NEC calls for change of election laws as opposition boycott event

Sunday August 22 2021
NEC PIC

The National Electoral Commission (NEC) Chairman Judge Semistocles Kaijage speaking during the handing over ceremony of the 2020 general election report at the State House in Dar es Salaam yesterday. Right is the President Samia Suluhu Hassan. PHOTO|ERICKY BONIPHACE

By Louis Kalumbia

Dar es Salaam. The National Electoral Commission (NEC) yesterday issued seven recommendations that it says would improve future polls in the country.

The recommendations that signal demand for major reforms include the enactment of a new law that will increase its efficiency in the execution of NEC duties and recruitment of election officials to the council’s level.

Others are merging electoral laws (the National Election Act Cap 343 and the Local Government Election Act Cap 292) to ease election supervision, both the general and civic polls so they would be supervised by one authority; provide financial assistance to institutions and civil society organizations permitted to provide civic education; as well as voting candidates deemed to passed unopposed.

NEC chairman Judge (rtd) Semistocles Kaijage issued the list at the Magogoni State House when handing over the 2020 General Election report to President Samia Suluhu Hassan.

The event was boycotted by major political parties: Chadema, ACT-Wazalendo, NCCR-Mageuzi and CUF over what they described as looming irregularities that marred the October 28, 2020 elections such that it was as if ‘no elections had been held’.

For years, opposition political parties and analysts have called for major reforms starting with a new constitution to ensure that the country obtains an independent, trustful and credible electoral body to supervise polls.

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Speaking to The Citizen over the phone shortly after the event, ACT-Wazalendo secretary general Ado Shaibu said the new constitution was something that would provide the country with an independent electoral system.

“NEC recommendations have not touched on the core problems. The commission needs to be free from state control,” he said.

Chadema’s deputy secretary general Benson Kigaila said the party would issue a stance over the matter after an in-depth discussion and analysis.

However, he said the country needed an independent electoral commission like those in Zambia, Ghana, Malawi and Kenya that would not receive directives from the Executive.

“NEC has failed to oversee the available laws despite available weaknesses. Instead of giving recommendations, NEC executives were supposed to resign from their positions,” he said.

CUF secretary general Haroub Mohammed Shamis said the electoral body shouldn’t constitute executives appointed by someone who would later turn out to be a candidate.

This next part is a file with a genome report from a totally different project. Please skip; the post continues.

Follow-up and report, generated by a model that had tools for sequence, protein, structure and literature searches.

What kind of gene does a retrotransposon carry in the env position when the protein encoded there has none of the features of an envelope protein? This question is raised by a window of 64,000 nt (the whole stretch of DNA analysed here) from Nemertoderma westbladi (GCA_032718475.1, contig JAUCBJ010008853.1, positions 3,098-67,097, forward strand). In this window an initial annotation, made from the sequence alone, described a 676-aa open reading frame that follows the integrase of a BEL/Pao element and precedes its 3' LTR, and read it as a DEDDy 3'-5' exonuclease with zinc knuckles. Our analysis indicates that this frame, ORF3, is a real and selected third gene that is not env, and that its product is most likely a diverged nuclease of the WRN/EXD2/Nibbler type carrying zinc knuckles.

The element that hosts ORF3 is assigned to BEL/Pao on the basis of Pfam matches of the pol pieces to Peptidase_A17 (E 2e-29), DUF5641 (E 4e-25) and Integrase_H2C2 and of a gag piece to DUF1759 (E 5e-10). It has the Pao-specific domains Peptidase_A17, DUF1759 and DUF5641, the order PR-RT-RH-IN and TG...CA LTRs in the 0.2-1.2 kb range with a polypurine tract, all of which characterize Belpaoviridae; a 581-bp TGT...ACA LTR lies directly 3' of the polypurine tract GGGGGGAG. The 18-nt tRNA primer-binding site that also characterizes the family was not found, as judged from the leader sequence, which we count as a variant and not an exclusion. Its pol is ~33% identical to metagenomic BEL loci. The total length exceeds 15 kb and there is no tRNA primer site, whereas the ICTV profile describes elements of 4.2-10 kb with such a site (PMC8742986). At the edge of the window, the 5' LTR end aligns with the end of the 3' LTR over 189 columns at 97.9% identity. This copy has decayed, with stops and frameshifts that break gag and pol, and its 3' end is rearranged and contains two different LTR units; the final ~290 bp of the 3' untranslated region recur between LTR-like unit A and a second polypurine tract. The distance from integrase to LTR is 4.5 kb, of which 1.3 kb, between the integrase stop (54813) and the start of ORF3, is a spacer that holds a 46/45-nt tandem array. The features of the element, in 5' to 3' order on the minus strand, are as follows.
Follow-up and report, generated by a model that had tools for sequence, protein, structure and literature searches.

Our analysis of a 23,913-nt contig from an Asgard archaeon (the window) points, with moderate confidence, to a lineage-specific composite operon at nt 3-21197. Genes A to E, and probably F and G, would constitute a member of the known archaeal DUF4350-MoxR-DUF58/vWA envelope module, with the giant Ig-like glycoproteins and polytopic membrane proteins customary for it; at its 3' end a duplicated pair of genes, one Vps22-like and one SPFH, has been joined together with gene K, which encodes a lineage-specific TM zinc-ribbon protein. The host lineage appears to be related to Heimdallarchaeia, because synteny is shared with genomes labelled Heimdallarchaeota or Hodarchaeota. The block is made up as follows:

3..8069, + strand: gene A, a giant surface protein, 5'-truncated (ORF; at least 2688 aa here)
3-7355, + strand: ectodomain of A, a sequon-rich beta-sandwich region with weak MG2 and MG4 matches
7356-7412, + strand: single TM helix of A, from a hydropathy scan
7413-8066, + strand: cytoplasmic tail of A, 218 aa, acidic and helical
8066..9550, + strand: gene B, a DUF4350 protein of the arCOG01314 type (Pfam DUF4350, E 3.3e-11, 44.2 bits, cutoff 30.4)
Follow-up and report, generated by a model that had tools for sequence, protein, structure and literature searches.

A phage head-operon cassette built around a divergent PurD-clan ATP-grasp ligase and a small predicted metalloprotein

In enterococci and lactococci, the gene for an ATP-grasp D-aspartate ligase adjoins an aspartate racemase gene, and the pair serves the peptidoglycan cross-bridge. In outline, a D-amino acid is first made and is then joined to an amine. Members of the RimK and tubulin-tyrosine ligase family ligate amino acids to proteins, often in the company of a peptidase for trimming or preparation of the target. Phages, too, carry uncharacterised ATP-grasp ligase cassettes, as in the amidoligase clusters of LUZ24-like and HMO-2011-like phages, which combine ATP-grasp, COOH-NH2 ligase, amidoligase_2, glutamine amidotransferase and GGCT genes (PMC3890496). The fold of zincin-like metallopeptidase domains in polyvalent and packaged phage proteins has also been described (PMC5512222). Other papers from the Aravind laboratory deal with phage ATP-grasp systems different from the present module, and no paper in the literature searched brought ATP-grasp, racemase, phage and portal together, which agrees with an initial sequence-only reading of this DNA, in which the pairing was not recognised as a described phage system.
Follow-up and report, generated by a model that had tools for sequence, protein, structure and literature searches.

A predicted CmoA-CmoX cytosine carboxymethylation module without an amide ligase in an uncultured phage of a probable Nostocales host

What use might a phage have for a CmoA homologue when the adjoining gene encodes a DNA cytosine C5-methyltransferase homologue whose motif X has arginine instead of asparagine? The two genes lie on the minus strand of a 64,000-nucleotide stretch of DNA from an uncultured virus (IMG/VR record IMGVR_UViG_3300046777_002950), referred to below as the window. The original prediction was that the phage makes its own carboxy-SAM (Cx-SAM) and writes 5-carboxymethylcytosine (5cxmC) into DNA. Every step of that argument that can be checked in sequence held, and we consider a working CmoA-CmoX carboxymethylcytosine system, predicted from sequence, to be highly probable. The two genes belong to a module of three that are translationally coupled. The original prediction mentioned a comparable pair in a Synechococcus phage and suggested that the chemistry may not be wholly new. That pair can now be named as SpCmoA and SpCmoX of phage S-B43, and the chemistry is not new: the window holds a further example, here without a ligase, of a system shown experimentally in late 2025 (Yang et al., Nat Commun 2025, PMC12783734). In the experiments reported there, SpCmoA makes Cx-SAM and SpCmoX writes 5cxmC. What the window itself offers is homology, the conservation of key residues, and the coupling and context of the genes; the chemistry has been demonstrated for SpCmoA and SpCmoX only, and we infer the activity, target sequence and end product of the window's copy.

“The Commission should be formed as described in the Judge (rtd) Joseph Warioba’s draft constitution. Executives should be vetted before appointment. Laws and regulations should allow arraignment in case they disrupt elections,” he said.

Independent political analyst Buberwa Kaiza said the Commission’s structure should be well defined and allow formation of committees to oversee polls at the village, ward, constituency and national levels and entrust executive officers with the committee secretary roles.

“Presidential election results should be announced alongside those of MPs in the constituency and laws should allow them to be challenged before the court,” he said.

Speaking during the event, President Hassan expressed her worries that recruitment of election officials to the council level as well as financial empowerment to CSOs providing civic education would adversely add expenditure during the process.

“Let us leave the matter under stakeholders’ debate and see what best the government can do. However, all the recommendations are genuine,” he said.

She said more education should be given to increase the number of women vying for political posts, calling on the women to raise their confidence and political parties’ trust on women to increase.

“We should also prepare ourselves for increased use of Information Communication and Technology (ICT) in election processes in alignment with world demands and enable participation of more Tanzanians,” she said.

The Head of State said laws should be reviewed to prevent denying citizens the right to contest for leadership positions, citing incidents where some leadership aspirants were disqualified last year for minor mistakes made when filling their nomination forms.